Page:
Members of a local civic panel say the city is taking a wrong turn by planning to ban traffic from going down Flatbush and Utica avenues from Avenue S, claiming bureaucrats misunderstood them when they asked them to calm traffic two blocks away.
Members of Community Board 18 say they think city officials got confused last month when they met with them to discuss problems at the neighborhoods deadliest intersection — Avenue U and Flatbush, where three pedestrians were killed and several dozen car accidents occurred in 2009, according to a Crash-Stat map provided by Transportation Alternatives, a pro-pedestrian and bicycle group.
They claim that the city’s takeaway from that meeting was to ban all turns off Avenue S at both Flatbush and Utica avenues— forcing motorists to take a side street if they want to get from S onto two of the borough’s main arteries.
“I think they missed the boat on this one,” said CB18 District Manager Dottie Turano, who announced the city’s Avenue S plans at the board’s monthly meeting on Nov. 16. “Sometimes I wonder if all of these guys [in the Department of Transportation] are on the same page.”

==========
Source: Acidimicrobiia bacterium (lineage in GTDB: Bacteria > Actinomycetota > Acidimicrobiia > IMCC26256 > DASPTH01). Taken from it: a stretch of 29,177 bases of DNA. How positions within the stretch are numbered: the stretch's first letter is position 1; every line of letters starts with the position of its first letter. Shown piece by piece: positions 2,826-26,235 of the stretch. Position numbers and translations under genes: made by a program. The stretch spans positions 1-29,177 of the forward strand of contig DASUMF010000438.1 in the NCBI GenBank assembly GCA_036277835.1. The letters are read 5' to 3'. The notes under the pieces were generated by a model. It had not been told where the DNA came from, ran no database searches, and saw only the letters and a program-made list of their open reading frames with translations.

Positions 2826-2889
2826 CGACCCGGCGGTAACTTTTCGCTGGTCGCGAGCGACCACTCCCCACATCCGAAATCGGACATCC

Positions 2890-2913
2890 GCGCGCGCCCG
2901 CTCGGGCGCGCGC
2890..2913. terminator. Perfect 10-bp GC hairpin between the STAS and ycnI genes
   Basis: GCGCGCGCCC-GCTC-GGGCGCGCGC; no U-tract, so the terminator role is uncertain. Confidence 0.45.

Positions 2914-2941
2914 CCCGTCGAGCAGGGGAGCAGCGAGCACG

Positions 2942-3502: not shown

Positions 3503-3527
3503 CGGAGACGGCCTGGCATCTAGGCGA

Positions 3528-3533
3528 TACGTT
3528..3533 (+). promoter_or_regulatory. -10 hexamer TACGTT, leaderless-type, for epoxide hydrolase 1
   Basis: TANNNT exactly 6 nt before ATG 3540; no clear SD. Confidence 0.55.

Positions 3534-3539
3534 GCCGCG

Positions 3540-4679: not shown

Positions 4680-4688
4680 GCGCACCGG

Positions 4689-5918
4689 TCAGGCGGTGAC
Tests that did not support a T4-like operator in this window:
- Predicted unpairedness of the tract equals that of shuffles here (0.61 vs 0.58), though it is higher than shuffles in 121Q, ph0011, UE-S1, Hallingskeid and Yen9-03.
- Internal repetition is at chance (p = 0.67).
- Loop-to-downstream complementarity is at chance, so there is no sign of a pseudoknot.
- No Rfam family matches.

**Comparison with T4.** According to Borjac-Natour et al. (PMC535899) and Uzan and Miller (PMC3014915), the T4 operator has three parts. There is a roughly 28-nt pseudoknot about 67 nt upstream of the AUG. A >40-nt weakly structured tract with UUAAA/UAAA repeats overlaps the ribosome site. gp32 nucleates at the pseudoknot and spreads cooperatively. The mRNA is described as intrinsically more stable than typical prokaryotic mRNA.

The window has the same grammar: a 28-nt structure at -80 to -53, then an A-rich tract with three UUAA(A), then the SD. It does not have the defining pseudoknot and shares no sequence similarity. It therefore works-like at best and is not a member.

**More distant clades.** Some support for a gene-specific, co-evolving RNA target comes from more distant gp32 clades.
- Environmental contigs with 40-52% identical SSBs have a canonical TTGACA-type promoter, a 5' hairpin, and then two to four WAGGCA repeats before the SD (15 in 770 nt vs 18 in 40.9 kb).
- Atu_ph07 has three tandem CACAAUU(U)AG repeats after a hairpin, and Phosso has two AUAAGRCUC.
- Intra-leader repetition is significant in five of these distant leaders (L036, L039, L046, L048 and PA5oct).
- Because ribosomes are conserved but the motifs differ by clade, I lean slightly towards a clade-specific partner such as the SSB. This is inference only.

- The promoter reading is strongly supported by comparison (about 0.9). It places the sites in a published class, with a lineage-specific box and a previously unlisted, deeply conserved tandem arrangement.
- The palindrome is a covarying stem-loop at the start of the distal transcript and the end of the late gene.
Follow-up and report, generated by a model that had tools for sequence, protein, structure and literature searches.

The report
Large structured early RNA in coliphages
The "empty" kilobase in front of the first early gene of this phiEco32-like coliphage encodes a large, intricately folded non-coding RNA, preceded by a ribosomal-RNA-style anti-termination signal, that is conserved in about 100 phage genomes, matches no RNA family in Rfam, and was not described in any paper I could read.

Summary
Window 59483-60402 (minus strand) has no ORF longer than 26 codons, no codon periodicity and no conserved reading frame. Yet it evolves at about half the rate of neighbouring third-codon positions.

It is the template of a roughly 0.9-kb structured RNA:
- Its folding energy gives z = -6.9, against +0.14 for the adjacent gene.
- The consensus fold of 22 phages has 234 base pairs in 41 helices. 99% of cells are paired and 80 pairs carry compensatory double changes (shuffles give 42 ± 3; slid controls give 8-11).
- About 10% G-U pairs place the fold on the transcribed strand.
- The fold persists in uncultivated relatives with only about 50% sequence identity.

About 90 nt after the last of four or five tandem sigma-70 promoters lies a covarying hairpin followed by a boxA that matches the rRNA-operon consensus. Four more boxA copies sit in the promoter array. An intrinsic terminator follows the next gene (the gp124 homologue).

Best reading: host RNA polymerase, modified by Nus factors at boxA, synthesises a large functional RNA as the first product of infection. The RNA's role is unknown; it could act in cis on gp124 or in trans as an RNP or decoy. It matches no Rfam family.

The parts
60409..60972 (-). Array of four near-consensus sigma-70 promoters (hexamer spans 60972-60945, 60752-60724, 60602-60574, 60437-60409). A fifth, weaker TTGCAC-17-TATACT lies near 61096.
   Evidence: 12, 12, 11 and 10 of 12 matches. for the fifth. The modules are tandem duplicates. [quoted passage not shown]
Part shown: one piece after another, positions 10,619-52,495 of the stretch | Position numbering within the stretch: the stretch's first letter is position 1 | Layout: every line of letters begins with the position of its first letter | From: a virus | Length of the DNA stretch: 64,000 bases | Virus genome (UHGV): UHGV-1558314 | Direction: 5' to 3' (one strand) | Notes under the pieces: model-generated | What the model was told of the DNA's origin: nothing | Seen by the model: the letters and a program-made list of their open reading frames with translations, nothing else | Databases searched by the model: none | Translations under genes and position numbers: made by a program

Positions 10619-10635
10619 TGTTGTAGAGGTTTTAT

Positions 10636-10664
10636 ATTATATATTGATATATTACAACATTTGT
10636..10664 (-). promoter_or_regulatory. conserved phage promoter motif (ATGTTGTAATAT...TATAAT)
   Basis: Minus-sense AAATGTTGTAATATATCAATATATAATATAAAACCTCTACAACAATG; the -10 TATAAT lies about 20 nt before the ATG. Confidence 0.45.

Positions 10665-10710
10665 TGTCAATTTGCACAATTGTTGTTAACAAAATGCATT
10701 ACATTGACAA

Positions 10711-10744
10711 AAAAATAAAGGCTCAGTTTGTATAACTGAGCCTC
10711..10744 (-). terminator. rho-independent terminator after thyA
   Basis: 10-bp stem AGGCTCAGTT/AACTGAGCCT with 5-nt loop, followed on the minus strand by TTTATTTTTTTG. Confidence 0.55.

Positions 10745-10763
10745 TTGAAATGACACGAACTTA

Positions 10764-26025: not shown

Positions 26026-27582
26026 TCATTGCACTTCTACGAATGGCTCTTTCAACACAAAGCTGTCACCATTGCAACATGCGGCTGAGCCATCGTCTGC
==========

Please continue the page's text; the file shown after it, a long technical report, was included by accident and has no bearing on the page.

Board member John Manzola agreed.
“When you give the city a problem to solve, sometimes they fix the problem well and sometimes they do it terribly,” he said. “This is one of those terrible times.”
But a Department of Transportation spokesman said that the plans for Avenue S aren’t set in stone, and they are simply based on recommendations made at the October meeting.
“It was neither a DOT suggestion nor a DOT proposal to ban any turns from Avenue S, but rather a recommendation from an audience member,” the spokesman said. “We will take it, and several other ideas, into consideration once we begin our analysis.”
During their discussions a month ago, board members said they did request a pedestrian walkway across Flatbush Avenue at Avenue U, but city officials said that neck downs and more signage — like the no left- or right- turn signs expected to be placed on Avenue S — would alleviate traffic concerns and keep people safe.
Reach reporter Thomas Tracy at email@example.com or by calling (718) 260-2525.